"I helped a man scan his dad's journal from World War II," she said. "We were reading parts of that, too, as we were scanning. I'm really glad he let me do that. We got to share stories. A lot of times in summer we'll have people on vacation and they'll stop to look up information while they are here."

Although mostly older people do genealogy, younger people do, too, as well as kids who come in for class assignments.

Sometimes it's helpful for people to work with her or with others during Meier's genealogy classes.

"For one class, I let people bring their own stories," she recalled. "Often times when researching you hit a dead end, and you think 'What do I do now?' Start researching someone else and often you will find the dead-end person."

She suggests people interested in learning about their family tree start with themselves and work backward.

"Then, interview older members of the family," she said. "You might have some of the dates, or they're easier to find, but where there's holes in stories, that's where you can start looking."

That technique works for Janet Haus, a member of the Two Rivers genealogy group, who volunteered recently at the Manitowoc Library's archive section.

She started writing short chapters of her family's history, starting with herself and her husband, and working back by generation. She makes copies of each completed chapter and shares them with her children.

Meier and the library have been helpful in her research.

"I especially like using their newspaper files," Haus said. "There are times when I can find things there. They have good indexes and newspapers going back to the 1800s. The other things that have been very useful are the plat maps. Fortunately for me, most of the family I am searching for settled right here in the Manitowoc area."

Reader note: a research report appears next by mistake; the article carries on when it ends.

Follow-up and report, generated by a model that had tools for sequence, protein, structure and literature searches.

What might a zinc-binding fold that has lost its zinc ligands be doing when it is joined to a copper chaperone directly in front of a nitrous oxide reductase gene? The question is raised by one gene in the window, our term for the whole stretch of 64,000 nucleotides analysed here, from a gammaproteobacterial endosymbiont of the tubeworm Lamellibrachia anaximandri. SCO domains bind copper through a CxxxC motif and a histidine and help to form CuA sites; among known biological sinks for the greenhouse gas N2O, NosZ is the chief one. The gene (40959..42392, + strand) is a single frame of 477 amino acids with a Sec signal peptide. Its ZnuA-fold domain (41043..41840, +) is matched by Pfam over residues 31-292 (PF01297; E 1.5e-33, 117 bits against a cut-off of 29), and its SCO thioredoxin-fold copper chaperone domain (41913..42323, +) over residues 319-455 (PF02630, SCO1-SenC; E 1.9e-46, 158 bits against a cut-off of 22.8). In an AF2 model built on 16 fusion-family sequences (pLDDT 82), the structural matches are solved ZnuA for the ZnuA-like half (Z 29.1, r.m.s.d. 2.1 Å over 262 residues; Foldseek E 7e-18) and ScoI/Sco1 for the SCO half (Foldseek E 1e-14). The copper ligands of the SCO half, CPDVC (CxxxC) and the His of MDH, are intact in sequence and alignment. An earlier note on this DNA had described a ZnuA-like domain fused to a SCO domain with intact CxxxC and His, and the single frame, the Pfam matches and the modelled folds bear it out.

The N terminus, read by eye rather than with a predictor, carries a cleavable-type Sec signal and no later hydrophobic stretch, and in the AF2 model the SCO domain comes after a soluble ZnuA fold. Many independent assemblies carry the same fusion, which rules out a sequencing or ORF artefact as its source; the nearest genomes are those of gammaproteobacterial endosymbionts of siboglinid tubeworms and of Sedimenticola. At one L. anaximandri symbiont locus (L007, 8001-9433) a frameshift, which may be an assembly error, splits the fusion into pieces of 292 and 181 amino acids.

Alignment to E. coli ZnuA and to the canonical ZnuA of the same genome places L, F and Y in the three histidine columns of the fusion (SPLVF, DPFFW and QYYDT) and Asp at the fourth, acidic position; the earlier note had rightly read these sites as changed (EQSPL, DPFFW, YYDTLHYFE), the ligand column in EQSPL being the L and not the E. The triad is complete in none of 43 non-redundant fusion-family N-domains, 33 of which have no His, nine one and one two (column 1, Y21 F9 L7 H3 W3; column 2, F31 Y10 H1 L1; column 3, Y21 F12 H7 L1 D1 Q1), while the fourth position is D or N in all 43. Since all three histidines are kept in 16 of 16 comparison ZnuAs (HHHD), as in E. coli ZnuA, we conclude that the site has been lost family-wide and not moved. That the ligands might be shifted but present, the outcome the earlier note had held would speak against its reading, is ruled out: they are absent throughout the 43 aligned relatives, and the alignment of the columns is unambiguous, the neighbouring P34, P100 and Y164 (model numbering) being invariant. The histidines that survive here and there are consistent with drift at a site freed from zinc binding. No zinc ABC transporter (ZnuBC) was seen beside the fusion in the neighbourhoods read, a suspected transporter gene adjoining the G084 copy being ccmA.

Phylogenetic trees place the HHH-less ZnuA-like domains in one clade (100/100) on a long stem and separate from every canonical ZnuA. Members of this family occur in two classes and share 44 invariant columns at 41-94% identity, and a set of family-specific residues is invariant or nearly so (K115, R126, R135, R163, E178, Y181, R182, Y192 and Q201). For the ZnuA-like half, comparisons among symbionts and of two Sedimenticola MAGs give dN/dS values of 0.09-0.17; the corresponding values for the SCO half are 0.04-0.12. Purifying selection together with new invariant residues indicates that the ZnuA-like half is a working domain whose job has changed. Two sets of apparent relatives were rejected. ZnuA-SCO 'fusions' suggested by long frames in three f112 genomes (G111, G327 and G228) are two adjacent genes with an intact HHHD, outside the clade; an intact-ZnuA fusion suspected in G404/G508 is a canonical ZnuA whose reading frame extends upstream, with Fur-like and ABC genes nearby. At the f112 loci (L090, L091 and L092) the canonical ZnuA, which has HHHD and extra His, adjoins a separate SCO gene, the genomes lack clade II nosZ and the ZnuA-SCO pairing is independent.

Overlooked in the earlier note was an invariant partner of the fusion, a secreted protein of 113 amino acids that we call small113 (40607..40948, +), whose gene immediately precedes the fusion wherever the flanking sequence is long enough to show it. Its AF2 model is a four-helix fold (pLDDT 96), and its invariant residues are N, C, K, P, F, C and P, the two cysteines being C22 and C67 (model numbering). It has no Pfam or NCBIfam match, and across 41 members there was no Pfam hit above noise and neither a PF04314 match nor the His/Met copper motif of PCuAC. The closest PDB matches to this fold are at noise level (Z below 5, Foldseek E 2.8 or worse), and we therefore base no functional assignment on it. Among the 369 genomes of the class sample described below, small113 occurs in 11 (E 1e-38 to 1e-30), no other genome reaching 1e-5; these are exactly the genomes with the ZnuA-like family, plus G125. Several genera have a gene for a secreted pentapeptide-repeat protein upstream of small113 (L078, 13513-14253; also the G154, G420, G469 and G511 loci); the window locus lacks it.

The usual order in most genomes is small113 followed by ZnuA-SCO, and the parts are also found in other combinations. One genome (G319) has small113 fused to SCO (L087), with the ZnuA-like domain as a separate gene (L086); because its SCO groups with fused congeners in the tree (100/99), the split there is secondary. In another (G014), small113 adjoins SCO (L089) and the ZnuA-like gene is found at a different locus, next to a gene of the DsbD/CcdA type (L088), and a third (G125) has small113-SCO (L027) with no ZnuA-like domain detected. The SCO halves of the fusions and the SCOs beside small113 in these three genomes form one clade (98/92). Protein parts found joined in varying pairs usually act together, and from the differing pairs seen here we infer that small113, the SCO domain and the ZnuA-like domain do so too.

And it's the stories that keep her motivated.

"One of the most interesting things are just how people lived," Haus said. "How they lived, or how they died or how they passed their property on to their kids. A lot of times it was, 'You will get the property, but I need a place to live.' One great great grandfather said 'You need to build me a place to live on the property.' Another said they needed to have one cow, and so many pounds of grain each year. It gave you an idea of how people really lived."

Her advice to those dipping a toe into genealogy is to do the legwork.

"You need to go to the courthouses," Haus said. "The library helps you pull everything together. Having everything here at the library makes it a whole lot easier. You also should start with what you know, and talk to older relatives while they're still here.

"I do it because I'm interested in the past," Haus added. "It's so important for our young people to know where everyone came from. It gives us a better understanding of who we are and where we came from."

This story is part of the Making Manitowoc series of stories that highlights the people, places and things that make the Manitowoc region one-of-a-kind. If you know of an interesting person, place or thing made in Manitowoc that you think could be featured, contact Patti Zarling at, by phone at 920-686-2152 or on Twitter at @PGPattiZarling.